http://www.discoveringstartups.com/dwolla-com-paypal-without-the-fees/


Quote
Native Iowan Ben Milne thought the financial and banking industry needed a little disrupting. “I was sick of feeling like they were taking a percentage of my money without deserving it,
http://thenextweb.com/apps/2011/01/24/move-over-paypal-online-payments-just-got-social-with-dwolla/

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March 07, 2012, 04:05:58 AM
 #5

this fiasco is a damn shame. it sure seems like dwolla is pulling something seriously shady, but what exactly? how could there possibly have been $100,000 in chargebacks all around the same time? are they just trying to straight up steal TH's deposits?

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March 07, 2012, 04:08:06 AM
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this fiasco is a damn shame. it sure seems like dwolla is pulling something seriously shady, but what exactly? how could there possibly have been $100,000 in chargebacks all around the same time? are they just trying to straight up steal TH's deposits?
Doubt it. Venture firm invested $5m in them about a month ago. Too much at risk to throw away a business for $100k. Seems like the chargebacks were of incompetence, the latest BS of panic.

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Yankee (BitInstant)
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March 07, 2012, 04:08:46 AM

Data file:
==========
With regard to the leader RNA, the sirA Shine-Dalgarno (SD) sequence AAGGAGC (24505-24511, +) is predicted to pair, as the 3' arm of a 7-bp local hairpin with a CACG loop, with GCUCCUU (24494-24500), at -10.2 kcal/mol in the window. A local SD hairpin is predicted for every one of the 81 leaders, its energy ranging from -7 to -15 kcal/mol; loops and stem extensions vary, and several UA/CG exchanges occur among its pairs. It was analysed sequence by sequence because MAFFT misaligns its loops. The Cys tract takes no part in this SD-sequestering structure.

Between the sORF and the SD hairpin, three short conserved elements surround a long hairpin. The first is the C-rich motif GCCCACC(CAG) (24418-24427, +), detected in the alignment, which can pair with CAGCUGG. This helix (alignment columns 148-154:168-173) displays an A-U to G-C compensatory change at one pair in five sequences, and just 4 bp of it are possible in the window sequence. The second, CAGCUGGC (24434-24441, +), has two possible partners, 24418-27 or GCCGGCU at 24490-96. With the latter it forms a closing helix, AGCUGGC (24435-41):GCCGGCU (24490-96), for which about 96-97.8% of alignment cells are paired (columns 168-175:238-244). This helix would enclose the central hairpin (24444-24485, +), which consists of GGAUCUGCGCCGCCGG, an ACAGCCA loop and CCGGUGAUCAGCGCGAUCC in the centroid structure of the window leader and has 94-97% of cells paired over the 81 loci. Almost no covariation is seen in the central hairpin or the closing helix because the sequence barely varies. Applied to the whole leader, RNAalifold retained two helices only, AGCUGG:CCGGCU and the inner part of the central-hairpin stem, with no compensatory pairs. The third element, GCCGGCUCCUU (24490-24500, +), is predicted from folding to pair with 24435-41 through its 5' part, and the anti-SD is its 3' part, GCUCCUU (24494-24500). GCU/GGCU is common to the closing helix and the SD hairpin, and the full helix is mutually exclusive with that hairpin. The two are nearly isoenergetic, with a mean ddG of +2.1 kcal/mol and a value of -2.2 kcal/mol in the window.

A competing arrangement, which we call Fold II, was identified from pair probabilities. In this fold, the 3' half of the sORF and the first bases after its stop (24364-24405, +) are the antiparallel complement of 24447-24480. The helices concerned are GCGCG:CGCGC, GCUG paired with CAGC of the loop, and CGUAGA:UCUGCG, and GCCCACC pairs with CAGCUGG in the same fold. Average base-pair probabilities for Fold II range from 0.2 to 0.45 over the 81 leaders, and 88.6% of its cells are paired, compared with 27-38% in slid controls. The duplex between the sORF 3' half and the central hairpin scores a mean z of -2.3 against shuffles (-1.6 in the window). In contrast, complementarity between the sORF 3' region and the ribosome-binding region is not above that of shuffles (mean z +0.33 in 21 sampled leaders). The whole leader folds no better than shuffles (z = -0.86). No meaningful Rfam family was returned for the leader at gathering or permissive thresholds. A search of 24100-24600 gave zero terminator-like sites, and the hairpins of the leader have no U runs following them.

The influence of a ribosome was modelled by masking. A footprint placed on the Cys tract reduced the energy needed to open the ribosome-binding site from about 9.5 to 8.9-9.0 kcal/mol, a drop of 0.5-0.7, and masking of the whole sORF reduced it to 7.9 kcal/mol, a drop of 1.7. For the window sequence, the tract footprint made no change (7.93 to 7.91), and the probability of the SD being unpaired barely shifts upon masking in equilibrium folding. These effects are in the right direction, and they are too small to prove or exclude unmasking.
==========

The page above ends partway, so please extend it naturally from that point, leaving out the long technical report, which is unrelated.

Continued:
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this fiasco is a damn shame. it sure seems like dwolla is pulling something seriously shady, but what exactly? how could there possibly have been $100,000 in chargebacks all around the same time? are they just trying to straight up steal TH's deposits?

Your right, it really sucks.

I like Dwolla, and we use their services. In fact, they do in fact work with merchant and we are friends with their staff.

The issue is what they did to TradeHill, and they have to pay.

"In a free society, private payments should be covered by merchant-customer privilege just as attorney-client privilege covers confidential legal communication." - Jon Matonis, Director, Bitcoin Foundation
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March 07, 2012, 04:11:27 AM
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http://www.siliconprairienews.com/2011/07/as-bitcoin-exchanges-drop-dwolla-milne-says-company-stays-focused

This news concerning TradeHill, one of the top two Bitcoin exchanges — Mt. Gox is the other — comes less than one week after Dwolla reached its $1 million in transactions per day milestone, a portion of which can be credited to Dwolla's use in the Bitcoin market. "Given Bitcoin’s recent explosion," The Next Web's Brad McCarty wrote on Thursday, "it would stand to reason that at least part of Dwolla’s explosive growth is being caused by the ease of compatibility between it and the Bitcoin currency system."

According to a TradeHill blog post on Tuesday, TradeHill was one Dwolla's top two customers (Dwolla declined to comment on this fact), but now it is no longer.
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March 07, 2012, 04:13:18 AM